Effects of Aging and Experimentally Induced Modifications of Signal Pathways on Insulin-Induced Shifts of Glucose Metabolism in the Rat Neocortex
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We studied insulin-induced intensification of glucose absorption and glycogen formation in the neocortex of young and old rats. In young animals, the corresponding shifts were clearly expressed; in old rats, insulin exerted nearly no stimulatory action on the processes of glucose metabolism in neocortical tissues. It was hypothesized that this is due to the age-related enhancement of the level of ceramides resulting in changes of the lipid spectrum of the cell membranes and also due to suppression of key components of signal pathways of insulin in the brain (such as Akt/protein kinase В, ARF, protein kinase С, and phospholipase D). These events disturb the signal cascade of the hormone and process of formation of the physiological response. An increase in the amount of ceramides in neocortical tissues of young animals after the action of exogenous С2 ceramide or palmitic acid (precursor of sphingolipids) was accompanied by suppression of the intensification of glucose absorption and insulin-stimulated formation of glycogen. Taking into account a significant increase in the amount of ceramides in the neocortex of old animals (this was shown in our earlier study), we believe that age-related accumulation of ceramide is an important reason for the development of insulin resistance of glucose metabolism in the CNS of old organisms.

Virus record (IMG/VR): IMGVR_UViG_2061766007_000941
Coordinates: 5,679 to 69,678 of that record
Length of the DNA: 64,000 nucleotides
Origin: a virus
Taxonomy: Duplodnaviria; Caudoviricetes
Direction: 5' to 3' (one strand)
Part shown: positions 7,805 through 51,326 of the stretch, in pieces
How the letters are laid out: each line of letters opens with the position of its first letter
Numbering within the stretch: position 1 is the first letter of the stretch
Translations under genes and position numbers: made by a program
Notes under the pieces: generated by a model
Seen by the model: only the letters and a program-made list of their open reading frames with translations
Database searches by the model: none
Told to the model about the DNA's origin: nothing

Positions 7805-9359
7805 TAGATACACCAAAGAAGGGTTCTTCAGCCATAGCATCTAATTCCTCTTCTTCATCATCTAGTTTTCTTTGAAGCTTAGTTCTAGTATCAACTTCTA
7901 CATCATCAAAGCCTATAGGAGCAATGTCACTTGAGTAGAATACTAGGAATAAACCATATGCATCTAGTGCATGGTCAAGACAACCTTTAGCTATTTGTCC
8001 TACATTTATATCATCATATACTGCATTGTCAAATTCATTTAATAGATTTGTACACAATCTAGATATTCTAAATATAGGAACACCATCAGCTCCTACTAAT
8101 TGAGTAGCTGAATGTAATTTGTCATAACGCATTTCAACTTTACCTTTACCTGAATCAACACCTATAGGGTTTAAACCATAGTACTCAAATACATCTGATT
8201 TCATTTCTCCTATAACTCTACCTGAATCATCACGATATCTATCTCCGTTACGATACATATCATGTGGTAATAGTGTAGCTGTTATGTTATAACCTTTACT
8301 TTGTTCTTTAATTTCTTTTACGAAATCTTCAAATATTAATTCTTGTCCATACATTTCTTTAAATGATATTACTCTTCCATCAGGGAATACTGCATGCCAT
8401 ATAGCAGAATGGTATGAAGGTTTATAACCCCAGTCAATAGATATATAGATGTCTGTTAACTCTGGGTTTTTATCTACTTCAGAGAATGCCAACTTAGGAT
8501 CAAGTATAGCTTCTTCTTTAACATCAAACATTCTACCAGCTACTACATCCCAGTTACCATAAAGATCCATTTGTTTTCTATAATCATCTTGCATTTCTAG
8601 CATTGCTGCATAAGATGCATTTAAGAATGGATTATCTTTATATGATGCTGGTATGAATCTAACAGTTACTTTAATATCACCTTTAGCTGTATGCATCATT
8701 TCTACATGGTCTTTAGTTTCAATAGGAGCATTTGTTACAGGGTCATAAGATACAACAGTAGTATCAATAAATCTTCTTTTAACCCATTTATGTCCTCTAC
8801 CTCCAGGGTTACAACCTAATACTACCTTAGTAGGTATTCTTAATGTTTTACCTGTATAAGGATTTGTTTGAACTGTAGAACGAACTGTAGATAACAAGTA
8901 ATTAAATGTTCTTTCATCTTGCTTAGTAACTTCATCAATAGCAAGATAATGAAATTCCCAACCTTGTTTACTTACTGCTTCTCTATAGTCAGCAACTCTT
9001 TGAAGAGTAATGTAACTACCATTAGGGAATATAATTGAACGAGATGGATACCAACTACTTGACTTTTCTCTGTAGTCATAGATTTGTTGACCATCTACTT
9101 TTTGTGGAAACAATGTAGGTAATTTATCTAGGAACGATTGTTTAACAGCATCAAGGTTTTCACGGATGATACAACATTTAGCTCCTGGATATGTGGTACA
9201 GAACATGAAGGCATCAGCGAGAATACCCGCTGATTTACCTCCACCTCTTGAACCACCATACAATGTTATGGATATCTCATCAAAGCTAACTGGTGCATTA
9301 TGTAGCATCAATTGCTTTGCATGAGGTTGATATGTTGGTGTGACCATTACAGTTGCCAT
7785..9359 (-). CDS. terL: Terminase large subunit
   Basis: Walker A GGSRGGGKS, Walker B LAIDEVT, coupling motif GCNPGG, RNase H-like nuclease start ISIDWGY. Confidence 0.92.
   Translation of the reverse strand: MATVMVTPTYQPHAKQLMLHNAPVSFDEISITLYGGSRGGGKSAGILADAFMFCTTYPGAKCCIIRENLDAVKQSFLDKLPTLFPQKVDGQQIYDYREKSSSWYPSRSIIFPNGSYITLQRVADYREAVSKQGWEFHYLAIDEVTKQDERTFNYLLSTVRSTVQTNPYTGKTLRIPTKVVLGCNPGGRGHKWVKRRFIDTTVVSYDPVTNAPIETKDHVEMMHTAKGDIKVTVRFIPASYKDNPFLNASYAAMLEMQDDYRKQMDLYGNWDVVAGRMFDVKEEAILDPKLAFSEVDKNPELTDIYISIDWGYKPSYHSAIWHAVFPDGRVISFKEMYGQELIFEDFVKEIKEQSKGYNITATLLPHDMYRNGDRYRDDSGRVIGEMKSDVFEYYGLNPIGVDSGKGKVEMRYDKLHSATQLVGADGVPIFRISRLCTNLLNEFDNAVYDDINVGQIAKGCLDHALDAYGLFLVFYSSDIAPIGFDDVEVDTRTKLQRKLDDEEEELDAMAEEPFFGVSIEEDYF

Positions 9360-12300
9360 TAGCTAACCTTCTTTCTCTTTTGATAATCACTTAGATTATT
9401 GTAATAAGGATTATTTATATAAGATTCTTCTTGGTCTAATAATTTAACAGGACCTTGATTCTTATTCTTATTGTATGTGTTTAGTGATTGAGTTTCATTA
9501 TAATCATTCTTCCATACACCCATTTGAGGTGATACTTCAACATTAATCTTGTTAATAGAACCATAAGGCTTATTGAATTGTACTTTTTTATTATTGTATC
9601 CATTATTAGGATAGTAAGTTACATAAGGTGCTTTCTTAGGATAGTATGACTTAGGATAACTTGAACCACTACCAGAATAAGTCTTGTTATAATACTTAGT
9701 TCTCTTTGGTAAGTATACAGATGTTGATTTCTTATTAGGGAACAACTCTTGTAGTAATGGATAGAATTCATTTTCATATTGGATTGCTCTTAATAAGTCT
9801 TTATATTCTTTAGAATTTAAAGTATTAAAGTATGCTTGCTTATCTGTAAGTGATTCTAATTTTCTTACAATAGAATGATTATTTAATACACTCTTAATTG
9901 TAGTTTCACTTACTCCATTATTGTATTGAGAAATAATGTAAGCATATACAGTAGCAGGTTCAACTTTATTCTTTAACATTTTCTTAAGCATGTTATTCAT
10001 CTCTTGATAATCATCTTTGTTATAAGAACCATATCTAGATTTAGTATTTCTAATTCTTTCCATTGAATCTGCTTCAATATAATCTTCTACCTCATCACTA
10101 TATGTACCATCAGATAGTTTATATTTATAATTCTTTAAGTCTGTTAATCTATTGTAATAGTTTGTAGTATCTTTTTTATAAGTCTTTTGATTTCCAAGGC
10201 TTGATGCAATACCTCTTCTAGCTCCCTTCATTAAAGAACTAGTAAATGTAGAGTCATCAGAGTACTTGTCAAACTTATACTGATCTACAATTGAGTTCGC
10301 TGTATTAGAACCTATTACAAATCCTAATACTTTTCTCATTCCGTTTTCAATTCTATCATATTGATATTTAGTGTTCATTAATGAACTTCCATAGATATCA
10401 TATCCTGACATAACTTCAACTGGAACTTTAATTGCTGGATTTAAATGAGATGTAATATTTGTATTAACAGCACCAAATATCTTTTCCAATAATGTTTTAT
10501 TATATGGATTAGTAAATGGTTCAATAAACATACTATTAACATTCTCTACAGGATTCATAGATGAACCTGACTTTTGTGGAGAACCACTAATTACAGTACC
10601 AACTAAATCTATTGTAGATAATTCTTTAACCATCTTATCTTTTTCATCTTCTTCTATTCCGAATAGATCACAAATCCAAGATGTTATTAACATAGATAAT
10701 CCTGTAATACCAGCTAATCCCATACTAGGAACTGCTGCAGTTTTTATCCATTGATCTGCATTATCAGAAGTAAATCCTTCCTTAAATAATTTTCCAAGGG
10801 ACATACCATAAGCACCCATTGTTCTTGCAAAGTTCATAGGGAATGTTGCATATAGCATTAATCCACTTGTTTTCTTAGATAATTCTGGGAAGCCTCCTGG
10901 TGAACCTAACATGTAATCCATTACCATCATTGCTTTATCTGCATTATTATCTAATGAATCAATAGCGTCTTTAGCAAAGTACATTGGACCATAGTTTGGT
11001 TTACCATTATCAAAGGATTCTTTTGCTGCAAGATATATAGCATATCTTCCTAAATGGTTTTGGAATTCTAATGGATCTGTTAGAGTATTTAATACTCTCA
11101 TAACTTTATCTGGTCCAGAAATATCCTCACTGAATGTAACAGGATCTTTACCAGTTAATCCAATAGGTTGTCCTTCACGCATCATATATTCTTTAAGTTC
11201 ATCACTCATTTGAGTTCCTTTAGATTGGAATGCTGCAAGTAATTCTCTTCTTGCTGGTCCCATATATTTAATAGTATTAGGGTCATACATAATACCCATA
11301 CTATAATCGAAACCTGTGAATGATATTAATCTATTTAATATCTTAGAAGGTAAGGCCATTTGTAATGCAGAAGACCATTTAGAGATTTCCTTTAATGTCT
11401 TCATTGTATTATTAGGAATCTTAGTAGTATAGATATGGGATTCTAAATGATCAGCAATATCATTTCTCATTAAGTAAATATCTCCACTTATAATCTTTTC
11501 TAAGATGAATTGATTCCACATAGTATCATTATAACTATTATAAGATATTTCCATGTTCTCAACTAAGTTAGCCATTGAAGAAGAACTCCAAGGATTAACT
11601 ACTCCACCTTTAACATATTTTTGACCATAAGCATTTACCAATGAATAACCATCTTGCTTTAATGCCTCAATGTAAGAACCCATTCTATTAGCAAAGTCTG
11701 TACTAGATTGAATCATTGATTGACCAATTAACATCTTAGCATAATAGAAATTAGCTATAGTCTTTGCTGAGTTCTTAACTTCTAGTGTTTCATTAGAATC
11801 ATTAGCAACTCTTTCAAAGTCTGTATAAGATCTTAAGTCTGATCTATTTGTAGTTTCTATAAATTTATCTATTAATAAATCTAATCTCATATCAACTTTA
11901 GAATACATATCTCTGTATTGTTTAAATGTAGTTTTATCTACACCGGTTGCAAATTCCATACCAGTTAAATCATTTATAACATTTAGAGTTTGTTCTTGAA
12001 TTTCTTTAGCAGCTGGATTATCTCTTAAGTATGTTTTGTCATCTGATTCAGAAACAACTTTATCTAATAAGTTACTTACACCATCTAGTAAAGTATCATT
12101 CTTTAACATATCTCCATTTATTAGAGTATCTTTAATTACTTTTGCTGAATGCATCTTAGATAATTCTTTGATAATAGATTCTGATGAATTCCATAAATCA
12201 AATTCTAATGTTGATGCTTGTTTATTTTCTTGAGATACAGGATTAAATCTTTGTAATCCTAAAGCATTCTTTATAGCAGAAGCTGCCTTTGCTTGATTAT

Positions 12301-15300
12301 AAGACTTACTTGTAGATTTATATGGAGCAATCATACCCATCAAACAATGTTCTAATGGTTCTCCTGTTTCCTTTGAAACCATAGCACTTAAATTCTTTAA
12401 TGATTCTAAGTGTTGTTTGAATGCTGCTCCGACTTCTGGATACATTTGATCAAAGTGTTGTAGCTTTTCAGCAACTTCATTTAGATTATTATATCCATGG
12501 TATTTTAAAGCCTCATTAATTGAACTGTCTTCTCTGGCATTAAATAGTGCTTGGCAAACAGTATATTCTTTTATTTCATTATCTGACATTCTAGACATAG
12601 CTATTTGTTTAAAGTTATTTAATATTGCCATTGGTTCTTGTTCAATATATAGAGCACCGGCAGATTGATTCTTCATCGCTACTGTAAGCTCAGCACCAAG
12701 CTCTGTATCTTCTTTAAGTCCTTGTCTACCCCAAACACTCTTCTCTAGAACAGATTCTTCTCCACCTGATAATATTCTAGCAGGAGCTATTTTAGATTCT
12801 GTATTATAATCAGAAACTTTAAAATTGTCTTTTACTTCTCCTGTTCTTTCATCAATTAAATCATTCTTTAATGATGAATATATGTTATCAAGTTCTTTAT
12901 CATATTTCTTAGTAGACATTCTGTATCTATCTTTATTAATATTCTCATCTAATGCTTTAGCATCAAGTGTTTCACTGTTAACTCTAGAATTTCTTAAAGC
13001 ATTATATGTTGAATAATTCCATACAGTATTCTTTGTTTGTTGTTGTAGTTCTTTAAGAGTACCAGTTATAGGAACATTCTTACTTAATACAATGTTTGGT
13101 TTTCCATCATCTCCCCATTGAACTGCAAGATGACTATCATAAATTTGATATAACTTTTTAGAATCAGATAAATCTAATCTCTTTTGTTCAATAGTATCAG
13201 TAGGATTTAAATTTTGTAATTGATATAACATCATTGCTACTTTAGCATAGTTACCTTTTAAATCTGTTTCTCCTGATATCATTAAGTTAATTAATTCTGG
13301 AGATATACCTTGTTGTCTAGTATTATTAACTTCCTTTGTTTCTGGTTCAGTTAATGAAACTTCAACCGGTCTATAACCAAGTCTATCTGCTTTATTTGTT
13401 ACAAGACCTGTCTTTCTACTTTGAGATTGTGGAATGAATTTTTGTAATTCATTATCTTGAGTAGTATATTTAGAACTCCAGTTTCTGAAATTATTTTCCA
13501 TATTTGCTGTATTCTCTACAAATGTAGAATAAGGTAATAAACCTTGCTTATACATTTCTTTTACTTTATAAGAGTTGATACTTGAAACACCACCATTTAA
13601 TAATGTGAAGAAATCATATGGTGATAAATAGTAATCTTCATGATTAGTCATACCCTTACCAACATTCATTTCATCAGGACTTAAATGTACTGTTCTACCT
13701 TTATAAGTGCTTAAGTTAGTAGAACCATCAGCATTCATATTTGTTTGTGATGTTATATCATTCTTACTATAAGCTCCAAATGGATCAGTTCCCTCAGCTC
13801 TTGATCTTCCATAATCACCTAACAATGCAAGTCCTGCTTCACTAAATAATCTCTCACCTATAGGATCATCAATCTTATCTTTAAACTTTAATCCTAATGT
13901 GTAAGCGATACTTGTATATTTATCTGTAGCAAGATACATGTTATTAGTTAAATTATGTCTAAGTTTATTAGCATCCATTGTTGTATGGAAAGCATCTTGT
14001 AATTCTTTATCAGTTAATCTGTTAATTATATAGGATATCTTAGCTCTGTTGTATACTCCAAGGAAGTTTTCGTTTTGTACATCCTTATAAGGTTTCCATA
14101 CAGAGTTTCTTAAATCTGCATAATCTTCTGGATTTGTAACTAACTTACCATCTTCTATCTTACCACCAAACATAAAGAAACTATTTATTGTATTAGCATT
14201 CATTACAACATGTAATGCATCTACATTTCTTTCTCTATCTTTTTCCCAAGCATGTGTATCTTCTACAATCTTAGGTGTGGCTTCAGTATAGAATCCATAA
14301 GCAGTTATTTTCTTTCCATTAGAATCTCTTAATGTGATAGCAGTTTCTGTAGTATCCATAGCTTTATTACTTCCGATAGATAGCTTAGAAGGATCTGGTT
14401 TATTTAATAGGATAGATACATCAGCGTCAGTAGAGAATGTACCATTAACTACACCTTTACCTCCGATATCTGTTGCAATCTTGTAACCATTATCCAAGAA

Keywordsneocortex aging glucose glycogen insulin ceramide palmitic acid
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